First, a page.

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From The Organ Bench - No. 6 of 14

Last week we noted that the organ committee, after much discussion and research, concluded our old Moller organ was not a noteworthy instrument and that its very limited palate of voices was more suited for Protestant/Lutheran liturgy. It was noted that yes, the old organ can be rebuilt and more voices added. However, it was decided this was not the most fiscally responsible approach for the long haul because of two words – key action. Key action is what connects the organist to the pipes.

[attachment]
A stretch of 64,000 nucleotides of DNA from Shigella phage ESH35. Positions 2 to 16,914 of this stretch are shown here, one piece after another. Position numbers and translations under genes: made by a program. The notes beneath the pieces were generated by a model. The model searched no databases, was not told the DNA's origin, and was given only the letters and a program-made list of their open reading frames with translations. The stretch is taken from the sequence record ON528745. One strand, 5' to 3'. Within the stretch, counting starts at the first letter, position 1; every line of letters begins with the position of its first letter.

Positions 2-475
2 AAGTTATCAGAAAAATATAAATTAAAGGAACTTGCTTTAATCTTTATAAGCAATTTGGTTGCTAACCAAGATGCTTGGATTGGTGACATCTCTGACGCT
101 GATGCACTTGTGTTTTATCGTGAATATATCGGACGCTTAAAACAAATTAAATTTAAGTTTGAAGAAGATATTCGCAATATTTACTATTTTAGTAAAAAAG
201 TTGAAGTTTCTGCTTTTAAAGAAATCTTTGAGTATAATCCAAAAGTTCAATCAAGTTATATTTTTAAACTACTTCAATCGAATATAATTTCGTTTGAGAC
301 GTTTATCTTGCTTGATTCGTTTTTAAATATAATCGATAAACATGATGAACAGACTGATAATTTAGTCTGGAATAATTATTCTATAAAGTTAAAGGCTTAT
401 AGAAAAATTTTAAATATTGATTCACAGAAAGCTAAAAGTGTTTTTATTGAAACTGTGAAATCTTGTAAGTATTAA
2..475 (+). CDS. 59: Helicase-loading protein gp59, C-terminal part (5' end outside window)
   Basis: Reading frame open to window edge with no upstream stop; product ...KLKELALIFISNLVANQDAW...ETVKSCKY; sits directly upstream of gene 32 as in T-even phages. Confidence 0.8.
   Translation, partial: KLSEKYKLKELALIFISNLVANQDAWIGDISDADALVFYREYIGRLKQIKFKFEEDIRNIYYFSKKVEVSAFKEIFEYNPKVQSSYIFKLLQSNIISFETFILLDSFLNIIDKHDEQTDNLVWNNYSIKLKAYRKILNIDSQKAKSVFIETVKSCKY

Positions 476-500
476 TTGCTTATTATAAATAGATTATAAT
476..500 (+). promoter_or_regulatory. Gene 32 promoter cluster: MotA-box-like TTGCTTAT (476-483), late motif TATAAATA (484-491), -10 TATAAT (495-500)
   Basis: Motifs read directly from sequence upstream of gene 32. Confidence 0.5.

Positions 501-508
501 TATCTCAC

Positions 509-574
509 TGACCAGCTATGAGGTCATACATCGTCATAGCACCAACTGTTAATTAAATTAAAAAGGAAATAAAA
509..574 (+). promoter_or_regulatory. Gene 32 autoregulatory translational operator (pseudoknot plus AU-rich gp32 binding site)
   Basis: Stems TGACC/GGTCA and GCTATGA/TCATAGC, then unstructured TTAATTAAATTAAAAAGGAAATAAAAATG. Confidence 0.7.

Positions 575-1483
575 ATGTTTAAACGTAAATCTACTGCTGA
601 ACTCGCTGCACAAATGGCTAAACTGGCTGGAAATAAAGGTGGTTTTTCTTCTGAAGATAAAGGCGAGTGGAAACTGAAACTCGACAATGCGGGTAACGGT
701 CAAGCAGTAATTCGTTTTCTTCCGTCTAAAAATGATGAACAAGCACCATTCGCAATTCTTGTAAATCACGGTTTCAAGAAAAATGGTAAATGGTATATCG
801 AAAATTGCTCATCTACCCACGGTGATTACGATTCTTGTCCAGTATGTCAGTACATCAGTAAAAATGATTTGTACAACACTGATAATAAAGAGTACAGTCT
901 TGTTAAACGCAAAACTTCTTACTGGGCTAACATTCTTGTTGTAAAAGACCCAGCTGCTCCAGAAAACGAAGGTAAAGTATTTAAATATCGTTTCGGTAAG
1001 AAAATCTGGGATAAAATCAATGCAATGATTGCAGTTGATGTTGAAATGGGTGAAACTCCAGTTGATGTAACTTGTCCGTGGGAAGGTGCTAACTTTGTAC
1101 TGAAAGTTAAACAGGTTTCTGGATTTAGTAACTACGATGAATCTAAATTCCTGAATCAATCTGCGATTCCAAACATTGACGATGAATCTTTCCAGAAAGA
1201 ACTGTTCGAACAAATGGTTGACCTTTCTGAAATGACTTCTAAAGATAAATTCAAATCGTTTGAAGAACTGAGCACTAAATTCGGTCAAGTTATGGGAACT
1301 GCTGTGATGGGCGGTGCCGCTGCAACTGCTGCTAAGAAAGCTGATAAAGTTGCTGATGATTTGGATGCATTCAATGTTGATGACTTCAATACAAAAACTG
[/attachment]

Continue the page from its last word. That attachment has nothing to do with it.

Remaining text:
The most important decision any organ committee must make when exploring the possibility of a new organ is whether the organ will use mechanical (tracker) key action or electro-pneumatic action. The 1949 Möller organ and its 1981 replacement both utilized electro-pneumatic key action. This type of key action came into vogue in the early 1900s. It was experimental, leaving behind centuries-old tried-and-true mechanical (tracker) action. But we Americans love something new! We embrace new ideas! Pipe organ salesmen sold thousands of electro-pneumatic pipe organs across the nation. Every church had to have one. Then, toward the end of the 1940s and beginning of the 1950s, these organs began to fail one by one in every state of the Union because of the electro-pneumatic action. Salesmen then convinced us to throw out the “old” and get something new. Thus, the build-and-replace cycle was born and has become the norm for most churches. Pipe organs no longer lasted the life of the church building. As time has now proven, electro-pneumatic key action has a lifespan of 30-40 years and then the organ must be taken out of the church, sent back to the factory, and completely rebuilt, or a new organ must take its place. This build-and-replace cycle did not seem economically reasonable to our organ committee. – Brad Cunningham


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